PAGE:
Extreme weather events cost $379 billion in 2020

Extreme weather events during 2020 is estimated to have cost US$150 billion (T$379billion), with the true cost still not counted with most damage not insured.

A new report by Christian Aid tallies the cost of climate change through the ten costliest events that struck during the year, excluding the COVID-19 pandemic.

Report authors Dr. Kat Kramer and Joe Ware developed estimates based on insured losses, and found each severe event cost at least a US$1 billion. 

They urge countries to urgently cut greenhouse gas emissions to curb the onset of more severe weather events, and transition to renewable energy.

“Richer countries need to provide more funding to support vulnerable communities living in poorer countries to help them adapt and build resilience to the impacts of climate change,” Dr. Kramer and Mr. Ware write.

“These countries have done the least to cause the climate crisis but suffer its effects disproportionately.

“Richer countries should support developing countries so they can leapfrog the fossil fuelled development path taken by richer countries.”

The reports release comes in the wake of extreme rainfall in Samoa resulting in more than T$70 million worth of damage, with businesses and government agencies likely to be counting the costs well into the New Year. 

Christian Aid says intense rainfall is one of the most known consequences of climate change.

“As global temperatures increase, the atmosphere can hold more water vapour. The number of record-breaking rainfall events globally has significantly increased in recent decades.”

In Australia, the bushfires over summer are estimated to cost $5 billion in insured damages, caused 65,000 people to be displaced, and killed 34 people.

The bushfires started in late 2019 and by their end had covered more than 18 million hectares and killed more than a billion wild animals. The full ecological loss is still being counted.

“The smoke from the fires travelled long distances and affected millions of people, covering the skies of cities like Sydney, Melbourne and Canberra,” the report says.

“The cost of smoke-related health issues alone has been estimated at $1.4 billion and insured losses were estimated at $3.6 billion, although other estimates have put the total costs as high as AUS$100 billion (US$70 billion).”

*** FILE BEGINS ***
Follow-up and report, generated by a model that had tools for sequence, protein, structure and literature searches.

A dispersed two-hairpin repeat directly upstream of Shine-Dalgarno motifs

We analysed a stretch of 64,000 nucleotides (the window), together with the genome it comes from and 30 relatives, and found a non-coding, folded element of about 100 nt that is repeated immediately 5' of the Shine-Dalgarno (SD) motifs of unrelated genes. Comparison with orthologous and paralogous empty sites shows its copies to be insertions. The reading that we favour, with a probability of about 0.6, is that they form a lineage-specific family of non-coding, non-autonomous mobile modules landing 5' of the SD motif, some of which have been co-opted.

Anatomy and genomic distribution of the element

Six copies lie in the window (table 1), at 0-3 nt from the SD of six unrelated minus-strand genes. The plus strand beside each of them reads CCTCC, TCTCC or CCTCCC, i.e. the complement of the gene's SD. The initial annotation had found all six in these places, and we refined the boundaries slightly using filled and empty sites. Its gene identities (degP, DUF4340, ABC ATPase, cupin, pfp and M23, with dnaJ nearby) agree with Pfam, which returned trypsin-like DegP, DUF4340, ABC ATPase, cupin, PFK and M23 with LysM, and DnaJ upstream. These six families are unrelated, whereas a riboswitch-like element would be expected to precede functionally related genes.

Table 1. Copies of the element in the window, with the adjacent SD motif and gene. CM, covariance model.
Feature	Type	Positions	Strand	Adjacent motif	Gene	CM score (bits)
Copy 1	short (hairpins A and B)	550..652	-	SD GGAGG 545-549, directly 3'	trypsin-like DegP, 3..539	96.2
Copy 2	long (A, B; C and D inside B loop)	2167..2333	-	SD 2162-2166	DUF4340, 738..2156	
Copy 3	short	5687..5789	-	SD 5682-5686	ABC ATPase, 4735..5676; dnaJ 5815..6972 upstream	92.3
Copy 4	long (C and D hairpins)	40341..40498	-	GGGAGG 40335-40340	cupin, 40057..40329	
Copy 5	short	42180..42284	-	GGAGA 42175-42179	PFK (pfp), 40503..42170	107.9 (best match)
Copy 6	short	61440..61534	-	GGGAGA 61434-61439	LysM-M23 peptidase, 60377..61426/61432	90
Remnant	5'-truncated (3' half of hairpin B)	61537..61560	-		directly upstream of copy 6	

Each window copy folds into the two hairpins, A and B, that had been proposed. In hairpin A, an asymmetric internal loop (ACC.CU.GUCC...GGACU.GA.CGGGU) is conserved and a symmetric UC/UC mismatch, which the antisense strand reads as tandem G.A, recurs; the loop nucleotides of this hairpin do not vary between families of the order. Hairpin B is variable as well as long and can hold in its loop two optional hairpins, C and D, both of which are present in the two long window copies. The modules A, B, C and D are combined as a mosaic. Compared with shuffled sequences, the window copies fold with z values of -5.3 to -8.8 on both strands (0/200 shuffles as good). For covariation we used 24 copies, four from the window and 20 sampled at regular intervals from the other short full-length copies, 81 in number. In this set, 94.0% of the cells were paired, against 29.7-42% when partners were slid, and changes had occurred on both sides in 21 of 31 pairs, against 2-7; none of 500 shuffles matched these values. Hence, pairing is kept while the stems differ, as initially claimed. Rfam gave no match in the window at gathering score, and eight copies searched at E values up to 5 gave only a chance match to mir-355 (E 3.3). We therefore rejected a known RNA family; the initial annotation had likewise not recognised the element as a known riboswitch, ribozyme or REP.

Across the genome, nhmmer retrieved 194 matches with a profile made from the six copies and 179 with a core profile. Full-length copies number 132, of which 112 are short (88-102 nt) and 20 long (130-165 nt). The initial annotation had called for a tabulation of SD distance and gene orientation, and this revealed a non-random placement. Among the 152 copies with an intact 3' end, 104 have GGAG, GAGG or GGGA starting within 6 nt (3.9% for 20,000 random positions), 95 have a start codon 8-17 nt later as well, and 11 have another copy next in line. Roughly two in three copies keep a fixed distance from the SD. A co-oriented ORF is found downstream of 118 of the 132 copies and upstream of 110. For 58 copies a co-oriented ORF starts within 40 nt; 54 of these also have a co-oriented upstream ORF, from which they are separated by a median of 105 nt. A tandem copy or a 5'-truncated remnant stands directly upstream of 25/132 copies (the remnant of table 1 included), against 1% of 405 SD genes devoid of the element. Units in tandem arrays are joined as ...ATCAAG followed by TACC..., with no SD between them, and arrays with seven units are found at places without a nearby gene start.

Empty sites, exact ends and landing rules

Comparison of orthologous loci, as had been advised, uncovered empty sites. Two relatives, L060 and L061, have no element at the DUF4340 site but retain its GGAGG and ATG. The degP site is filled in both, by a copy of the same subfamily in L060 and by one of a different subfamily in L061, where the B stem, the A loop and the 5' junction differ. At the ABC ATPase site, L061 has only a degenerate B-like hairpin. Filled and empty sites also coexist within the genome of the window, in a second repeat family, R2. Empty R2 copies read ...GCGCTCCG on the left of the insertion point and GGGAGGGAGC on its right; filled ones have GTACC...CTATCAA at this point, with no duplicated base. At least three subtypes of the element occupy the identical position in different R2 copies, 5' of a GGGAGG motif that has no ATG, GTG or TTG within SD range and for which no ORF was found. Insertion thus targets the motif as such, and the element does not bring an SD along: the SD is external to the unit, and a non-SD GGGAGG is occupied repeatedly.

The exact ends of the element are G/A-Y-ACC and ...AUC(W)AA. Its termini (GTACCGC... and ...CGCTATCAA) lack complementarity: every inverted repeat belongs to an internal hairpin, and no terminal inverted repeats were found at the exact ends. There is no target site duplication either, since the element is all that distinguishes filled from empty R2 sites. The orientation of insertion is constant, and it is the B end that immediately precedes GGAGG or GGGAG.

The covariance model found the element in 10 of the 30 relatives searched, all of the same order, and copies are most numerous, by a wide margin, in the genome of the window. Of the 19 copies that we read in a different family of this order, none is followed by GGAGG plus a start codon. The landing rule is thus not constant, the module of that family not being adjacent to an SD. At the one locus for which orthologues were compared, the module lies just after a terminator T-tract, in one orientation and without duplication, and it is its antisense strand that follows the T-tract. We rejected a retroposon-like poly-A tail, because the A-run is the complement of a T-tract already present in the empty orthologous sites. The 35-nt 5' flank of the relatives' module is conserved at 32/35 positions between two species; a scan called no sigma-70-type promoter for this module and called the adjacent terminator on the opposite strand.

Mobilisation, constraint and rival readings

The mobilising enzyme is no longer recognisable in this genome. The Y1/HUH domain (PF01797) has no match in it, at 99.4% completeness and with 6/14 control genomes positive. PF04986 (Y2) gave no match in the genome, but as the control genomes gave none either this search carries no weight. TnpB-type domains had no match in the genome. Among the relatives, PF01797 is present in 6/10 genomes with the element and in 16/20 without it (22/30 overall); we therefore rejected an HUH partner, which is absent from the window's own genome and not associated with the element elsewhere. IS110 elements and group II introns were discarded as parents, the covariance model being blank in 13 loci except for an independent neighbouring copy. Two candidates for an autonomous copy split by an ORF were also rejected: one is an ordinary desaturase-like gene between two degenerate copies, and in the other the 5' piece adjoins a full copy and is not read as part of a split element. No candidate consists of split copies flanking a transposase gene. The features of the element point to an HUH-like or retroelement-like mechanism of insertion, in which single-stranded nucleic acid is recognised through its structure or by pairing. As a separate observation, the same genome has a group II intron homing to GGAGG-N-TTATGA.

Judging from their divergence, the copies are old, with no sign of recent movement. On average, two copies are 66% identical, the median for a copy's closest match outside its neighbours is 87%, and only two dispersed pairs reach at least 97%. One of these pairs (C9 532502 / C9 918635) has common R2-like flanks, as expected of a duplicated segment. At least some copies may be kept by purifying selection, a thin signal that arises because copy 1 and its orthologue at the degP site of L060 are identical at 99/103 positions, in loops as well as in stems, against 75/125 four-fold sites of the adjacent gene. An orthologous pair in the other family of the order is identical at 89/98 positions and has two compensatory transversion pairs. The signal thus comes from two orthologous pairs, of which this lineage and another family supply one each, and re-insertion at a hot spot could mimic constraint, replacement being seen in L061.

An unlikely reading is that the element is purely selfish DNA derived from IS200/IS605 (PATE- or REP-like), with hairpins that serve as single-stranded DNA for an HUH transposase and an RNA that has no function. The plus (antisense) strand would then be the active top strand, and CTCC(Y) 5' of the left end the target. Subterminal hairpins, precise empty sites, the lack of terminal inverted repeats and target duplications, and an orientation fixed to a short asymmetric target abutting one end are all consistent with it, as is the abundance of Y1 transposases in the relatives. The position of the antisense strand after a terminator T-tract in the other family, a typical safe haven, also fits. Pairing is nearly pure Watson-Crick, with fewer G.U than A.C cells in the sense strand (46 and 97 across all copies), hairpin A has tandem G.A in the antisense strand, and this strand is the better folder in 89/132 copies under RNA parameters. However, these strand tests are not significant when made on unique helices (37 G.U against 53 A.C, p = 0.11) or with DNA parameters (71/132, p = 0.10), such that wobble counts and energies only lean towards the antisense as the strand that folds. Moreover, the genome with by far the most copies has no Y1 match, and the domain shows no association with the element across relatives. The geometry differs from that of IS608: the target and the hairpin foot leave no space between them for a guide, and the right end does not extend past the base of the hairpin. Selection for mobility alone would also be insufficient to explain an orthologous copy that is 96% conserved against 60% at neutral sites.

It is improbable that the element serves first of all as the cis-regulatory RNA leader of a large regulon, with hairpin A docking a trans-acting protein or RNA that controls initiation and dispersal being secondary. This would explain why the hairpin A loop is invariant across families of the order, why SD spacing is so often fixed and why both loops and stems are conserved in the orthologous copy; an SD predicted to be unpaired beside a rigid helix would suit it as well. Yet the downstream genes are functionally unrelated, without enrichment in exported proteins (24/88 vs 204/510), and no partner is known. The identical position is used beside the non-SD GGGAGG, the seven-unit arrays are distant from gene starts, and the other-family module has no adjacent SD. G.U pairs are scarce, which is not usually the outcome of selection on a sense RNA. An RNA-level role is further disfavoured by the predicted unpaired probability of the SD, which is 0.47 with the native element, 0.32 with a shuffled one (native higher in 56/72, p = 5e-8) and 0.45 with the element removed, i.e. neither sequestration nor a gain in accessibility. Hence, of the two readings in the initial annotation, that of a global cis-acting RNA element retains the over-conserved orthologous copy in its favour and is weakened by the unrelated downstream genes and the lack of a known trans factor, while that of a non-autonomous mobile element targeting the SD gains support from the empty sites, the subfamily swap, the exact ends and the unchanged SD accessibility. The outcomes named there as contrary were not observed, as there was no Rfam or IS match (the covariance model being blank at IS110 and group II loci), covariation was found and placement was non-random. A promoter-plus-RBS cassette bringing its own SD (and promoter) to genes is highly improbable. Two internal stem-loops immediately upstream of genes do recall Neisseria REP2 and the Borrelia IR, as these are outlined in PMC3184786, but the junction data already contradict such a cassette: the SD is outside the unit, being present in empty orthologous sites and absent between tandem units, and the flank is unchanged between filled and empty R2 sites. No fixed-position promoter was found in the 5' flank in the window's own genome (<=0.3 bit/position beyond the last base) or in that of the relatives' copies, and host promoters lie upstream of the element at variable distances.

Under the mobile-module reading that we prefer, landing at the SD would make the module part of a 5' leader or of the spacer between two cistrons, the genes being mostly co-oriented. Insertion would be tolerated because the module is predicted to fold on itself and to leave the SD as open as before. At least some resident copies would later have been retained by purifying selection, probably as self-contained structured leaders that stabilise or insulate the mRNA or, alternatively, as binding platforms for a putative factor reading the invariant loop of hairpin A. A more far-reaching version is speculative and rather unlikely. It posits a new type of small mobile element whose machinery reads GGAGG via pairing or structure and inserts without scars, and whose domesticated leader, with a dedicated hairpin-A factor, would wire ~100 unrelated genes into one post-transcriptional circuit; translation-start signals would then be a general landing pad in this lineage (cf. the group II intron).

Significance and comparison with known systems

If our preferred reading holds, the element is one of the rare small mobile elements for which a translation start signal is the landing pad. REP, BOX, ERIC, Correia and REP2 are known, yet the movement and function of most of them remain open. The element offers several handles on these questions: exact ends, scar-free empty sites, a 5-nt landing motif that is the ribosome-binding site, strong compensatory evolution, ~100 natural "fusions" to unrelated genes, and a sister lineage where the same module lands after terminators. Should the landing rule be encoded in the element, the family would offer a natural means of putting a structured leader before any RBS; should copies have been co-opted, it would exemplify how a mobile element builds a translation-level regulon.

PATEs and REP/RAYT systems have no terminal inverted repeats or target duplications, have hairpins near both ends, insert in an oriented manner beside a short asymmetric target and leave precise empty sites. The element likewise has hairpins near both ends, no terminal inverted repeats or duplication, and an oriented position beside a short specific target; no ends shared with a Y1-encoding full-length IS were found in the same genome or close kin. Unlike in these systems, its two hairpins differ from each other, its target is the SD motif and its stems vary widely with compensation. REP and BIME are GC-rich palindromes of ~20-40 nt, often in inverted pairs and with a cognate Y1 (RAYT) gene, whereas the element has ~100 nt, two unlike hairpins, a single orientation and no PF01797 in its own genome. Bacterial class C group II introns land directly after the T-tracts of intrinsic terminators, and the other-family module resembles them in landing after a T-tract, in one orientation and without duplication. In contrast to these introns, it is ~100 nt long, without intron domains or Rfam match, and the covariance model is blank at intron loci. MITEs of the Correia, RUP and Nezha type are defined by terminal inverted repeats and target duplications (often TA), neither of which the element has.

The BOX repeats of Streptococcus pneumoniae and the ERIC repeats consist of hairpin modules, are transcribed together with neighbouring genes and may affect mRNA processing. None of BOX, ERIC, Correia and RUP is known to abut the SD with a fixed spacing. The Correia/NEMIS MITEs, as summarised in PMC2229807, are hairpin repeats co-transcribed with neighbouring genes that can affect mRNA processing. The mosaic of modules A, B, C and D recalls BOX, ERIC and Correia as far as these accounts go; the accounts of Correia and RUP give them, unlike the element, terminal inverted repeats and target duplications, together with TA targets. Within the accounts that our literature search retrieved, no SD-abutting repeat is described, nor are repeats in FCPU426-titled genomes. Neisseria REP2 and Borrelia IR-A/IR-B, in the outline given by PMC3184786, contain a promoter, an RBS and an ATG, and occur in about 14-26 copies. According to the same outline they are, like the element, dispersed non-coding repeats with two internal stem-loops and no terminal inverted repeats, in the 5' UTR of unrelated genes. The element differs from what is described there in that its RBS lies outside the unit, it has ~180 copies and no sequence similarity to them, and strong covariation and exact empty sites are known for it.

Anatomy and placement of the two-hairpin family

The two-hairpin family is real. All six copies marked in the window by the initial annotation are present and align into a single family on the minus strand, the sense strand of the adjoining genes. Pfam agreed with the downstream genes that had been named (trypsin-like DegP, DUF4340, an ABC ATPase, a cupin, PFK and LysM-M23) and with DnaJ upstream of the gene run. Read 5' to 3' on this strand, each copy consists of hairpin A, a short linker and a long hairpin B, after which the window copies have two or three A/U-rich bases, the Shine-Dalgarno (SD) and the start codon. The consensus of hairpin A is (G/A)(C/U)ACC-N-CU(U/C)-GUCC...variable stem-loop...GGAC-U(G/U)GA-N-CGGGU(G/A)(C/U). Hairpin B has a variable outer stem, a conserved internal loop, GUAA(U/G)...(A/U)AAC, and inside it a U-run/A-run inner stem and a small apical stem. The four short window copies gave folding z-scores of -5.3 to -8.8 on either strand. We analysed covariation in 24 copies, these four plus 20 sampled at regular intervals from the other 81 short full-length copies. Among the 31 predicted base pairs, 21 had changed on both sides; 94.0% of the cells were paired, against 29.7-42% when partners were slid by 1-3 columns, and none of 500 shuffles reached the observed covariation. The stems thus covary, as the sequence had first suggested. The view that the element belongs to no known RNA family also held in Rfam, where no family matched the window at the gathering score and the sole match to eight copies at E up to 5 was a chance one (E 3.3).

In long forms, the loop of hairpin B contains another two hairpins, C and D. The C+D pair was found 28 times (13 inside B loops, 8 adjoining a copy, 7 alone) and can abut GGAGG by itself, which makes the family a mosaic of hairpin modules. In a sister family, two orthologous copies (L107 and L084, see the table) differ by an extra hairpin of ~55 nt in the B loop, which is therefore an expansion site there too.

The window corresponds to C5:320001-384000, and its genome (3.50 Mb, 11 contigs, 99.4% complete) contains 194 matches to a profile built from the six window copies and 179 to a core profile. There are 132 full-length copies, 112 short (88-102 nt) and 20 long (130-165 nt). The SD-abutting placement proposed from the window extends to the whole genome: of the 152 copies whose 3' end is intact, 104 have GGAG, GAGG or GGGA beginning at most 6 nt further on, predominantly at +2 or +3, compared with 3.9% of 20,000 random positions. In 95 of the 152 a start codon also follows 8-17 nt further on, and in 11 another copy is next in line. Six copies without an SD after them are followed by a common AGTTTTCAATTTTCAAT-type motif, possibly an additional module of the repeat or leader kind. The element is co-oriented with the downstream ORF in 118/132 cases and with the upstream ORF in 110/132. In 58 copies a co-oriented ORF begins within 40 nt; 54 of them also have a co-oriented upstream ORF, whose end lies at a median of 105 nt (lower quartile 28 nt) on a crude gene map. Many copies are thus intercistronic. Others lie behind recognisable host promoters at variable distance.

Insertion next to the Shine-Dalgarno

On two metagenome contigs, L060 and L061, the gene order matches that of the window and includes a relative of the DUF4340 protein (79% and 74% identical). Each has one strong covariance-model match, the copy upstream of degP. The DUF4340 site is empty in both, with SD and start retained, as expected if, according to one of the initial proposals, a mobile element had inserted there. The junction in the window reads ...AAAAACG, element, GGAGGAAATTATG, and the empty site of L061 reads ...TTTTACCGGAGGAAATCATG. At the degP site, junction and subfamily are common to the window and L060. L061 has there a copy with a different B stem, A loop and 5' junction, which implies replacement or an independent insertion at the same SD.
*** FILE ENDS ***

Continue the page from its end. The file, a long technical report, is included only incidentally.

World Weather Attribution, an international research group investigating whether climate change affects extreme weather events, believes climate change increased the risks of the fires by 30 per cent.

“This may be a conservative estimate,” the report continues.

Christian Aid notes that Australia’s own climate targets will not satisfy the Paris Agreement, the international pact on ending climate change. With 60 per cent of the nation’s electricity still powered by coal and the country being the largest exporter of coal and gas, Australia is loath to bring down its coal production.

Elsewhere in the Asia Pacific region, severe weather events were dominated by floods. Of the top 10 events reported on, China, India, Japan, and Pakistan were awash with water and over 8 million people displaced. 

The floods also claimed 2,837 lives.

Collectively the four countries lost US$46.5 billion. 

“This is the second consecutive year where India experienced abnormally high rainfalls during the monsoon season.

“And over the last 65 years, the country has seen a three-fold increase in extreme rain events. Climate change is likely one of the causes, with models showing that flood frequency in India would be twice as high in a high carbon emissions scenario, as compared to a low carbon emissions scenario.”

In India, Sri Lanka and Bangladesh, Cyclone Amphan cost US$13 billion and took 128 lives, with a further 4.9 million people displaced. 

Ampham was also one of the strongest storms on record in the Bay of Bengal. Wind speeds reached 270 kilometres per hour.

“The Bay of Bengal is one of the world's most vulnerable regions to climate change. In addition to being densely populated, the conditions in the bay are ideal for tropical cyclone formation. Also, the lowlands in the Ganges delta are prone to flooding and saltwater intrusion,” the report says.

In the Philippines, people experienced the two most damaging tropical cyclones of the year: Typhoon Goni and Typhoon Vamco, between October and November.

The two have cost the country at least $1.5 billion and killed 97 people, with Goni-struck areas also hit by Vamco.

“Both typhoons underwent ‘rapid intensification’, the processs by which tropical cyclones increase their strength in short periods of time and that is becoming more common due to global warming,” the report explains.

“And as the planet warms and sea surface temperatures increase, experts expect that typhoons, in the Philippines and elsewhere, will become stronger.”

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